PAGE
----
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FAQs

Frequently asked questions about doctor visits, hospital stays & emergencies

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Visiting a doctor, medical specialist or hospital

It’s easy. The Barmer Doctor Finder helps you to find doctors anywhere in Germany.

Call the practice. The doctor’s staff will advise you on the best time to visit. Some doctors’ practices in Germany have an open consultation time called a Sprechstunde, where you can visit the doctor without an appointment. However, most doctors work on an appointment only schedule. For your convenience, some doctors also offer appointments via an online booking system.

Yes. You can visit some medical specialists without a referral – but in Germany, your GP, gynecologist, dentist or pediatrician are still the recommended first points of contact to coordinate all your future healthcare needs.

Yes. With the Barmer Teledoktor. Medical doctors are available 24/7 via telephone to provide free medical advice and second opinions for Barmer members. You can reach the Barmer Teledoktor under the toll-free number 0800 333 500 from within Germany. If you are calling from outside Germany, please call the number +49 202 568 3333 500.

Yes. If you need to see a medical specialist and your waiting time is too long, the Barmer Teledoktor can help you to organize a faster appointment with our exclusive Waiting Time Management service for Barmer members. In some cases, a specialist may not be available in your immediate area, but we will always find the closest possible option for you.

In most cases, yes. In Germany, a doctor will refer you for hospital treatment, but you are free to choose which public hospital you are treated in. In an emergency, paramedics will decide if you need to be treated at a hospital or not.

No. As a Barmer member, you don’t need to pay anything when you visit a doctor who is registered within the public health insurance system. Everything that is medically necessary is billed directly to Barmer via your e-health card. If you choose an additional treatment that is not covered under public healthcare, some extra costs may arise, but your doctor will inform you in advance. This way, you can decide what is best for you. An example is dental fillings: A special high-end material may require an additional cost – but the standard quality material is always free. In some cases, however, small co-payments are required for healthcare services.

The electronic health insurance card

Only sometimes. Statutory co-payments between 5 and 10 euro are required for some healthcare services, for example for hospital treatment per day, prescription medication, medical aids or physical therapies. These co-payments apply to everyone who has public health insurance, except for children. Pregnant women also have co-payment exemptions for some healthcare services and medication, so feel free to contact us for further advice.

Yes. All family members living in the same household can apply for a co-payment exemption. The exemption is possible when your household’s combined annual co-payments exceed 2% of your household’s combined annual gross income (or 1% in the case of chronic illness). Make sure you keep all your co-payment receipts as proof. The co-payment exemption is calculated every calendar year. Your Barmer service advisors are happy to guide you on this topic.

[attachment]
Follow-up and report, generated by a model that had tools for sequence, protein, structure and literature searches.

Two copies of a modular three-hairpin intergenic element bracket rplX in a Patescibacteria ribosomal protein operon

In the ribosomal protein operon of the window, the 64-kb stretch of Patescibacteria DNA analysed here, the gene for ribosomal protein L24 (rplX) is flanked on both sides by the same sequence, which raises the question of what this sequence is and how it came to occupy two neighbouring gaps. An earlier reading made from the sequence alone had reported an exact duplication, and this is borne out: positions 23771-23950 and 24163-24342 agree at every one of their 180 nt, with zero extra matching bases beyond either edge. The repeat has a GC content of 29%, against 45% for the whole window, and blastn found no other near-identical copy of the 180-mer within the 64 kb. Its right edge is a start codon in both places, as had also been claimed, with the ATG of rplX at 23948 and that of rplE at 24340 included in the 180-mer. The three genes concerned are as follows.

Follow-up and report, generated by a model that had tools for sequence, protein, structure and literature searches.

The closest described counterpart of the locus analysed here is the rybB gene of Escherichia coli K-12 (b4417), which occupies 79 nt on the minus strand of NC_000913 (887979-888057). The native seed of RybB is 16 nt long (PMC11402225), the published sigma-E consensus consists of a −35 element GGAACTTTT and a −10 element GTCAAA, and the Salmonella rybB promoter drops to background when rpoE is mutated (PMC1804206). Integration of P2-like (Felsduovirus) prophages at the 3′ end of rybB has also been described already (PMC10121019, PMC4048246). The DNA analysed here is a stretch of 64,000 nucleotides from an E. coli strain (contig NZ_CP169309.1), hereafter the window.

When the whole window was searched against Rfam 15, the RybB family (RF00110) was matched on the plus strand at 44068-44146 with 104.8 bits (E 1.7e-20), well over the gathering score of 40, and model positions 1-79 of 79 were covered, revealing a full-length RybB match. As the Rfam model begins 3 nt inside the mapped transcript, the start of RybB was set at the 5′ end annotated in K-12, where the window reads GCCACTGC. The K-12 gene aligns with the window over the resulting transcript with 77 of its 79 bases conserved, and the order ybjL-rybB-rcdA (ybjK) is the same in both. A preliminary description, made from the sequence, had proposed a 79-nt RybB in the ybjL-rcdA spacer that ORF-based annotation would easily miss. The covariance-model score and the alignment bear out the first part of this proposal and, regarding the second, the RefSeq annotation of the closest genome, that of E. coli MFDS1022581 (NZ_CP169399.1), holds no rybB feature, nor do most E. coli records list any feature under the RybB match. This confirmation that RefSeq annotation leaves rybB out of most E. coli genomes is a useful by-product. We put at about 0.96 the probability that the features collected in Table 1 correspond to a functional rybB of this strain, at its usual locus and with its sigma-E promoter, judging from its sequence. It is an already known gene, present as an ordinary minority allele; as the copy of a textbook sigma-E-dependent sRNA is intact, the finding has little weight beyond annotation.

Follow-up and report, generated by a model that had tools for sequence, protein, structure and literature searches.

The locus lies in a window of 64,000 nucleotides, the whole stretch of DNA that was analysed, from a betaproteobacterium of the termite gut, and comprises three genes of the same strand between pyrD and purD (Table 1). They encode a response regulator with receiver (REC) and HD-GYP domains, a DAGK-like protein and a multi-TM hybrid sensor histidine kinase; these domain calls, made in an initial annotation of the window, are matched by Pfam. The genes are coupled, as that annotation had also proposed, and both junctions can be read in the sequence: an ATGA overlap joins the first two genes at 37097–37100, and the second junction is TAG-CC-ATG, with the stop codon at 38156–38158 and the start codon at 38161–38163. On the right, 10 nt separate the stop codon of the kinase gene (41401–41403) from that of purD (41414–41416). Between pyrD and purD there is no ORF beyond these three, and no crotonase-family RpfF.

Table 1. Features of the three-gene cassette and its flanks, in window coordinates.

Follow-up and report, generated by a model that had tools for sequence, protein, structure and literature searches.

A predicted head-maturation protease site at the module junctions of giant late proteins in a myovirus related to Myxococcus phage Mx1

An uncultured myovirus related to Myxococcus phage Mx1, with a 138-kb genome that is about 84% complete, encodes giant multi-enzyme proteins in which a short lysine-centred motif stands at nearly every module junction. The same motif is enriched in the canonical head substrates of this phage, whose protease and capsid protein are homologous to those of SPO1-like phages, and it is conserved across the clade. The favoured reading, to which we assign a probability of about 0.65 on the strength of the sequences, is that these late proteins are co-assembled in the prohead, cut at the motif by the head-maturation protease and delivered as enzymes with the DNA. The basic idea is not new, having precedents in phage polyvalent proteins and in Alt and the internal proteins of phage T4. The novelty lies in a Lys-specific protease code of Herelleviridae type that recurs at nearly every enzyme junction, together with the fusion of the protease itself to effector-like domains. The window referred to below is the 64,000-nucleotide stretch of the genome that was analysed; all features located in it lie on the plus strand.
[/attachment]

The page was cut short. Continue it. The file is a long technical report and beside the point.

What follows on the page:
COVID-19

Yes. For official up-to-date government information on COVID-19, you can visit the website www.zusammengegencorona.de. The German government has also set up an information hotline in English, Turkish, Russian and Arabic under the telephone number 0800 0000837.

Yes. Approved vaccinations against COVID-19 are currently free to all legal residents of Germany, regardless of the person’s insurance status. As a German resident, you are also entitled to one free rapid antigen test per week – and one free PCR test following a positive rapid antigen test result. Free tests are only available from approved test centres. Of course, the regulations regarding COVID-19 can change regularly, so it’s best to ask at your doctor or test centre about costs to be on the safe side.

In case of emergencies

112. If you require first aid in the case of an emergency, you can reach paramedics, an ambulance or the fire brigade on the toll-free number 112 from everywhere in Europe. You can reach emergency police assistance on the number 110.

Yes. In case of emergencies, you can visit a hospital emergency centre directly. However, the paramedics on site will assess your condition and prioritize your treatment. If there is no immediate danger or concern to your health, simply use the Barmer Doctor Finder to locate a doctor near you – or call the telephone number 116117 on the weekend or at night.

You will always be treated in an emergency. It’s important to always carry the e-health card with you, but you will receive emergency treatment in Germany – even if your e-health card is not on you at the time. When you feel better, the medical staff will ask you for your e-health card so Barmer can pay for your emergency treatment.

Yes. In Germany, paramedic assistance, ambulance and emergency transport are generally covered by public health insurance – and are subject to a statutory co-payment of maximum 10 euro. In exceptional rescue situations, for example helicopter extraction from inaccessible mountain areas, public health insurance will not cover the costs.

Ein Telefonhörer

Need more help?

For further information simply call our English Service Hotline on 0800 333 0060* (and +49 202 568 333 0060* from abroad).

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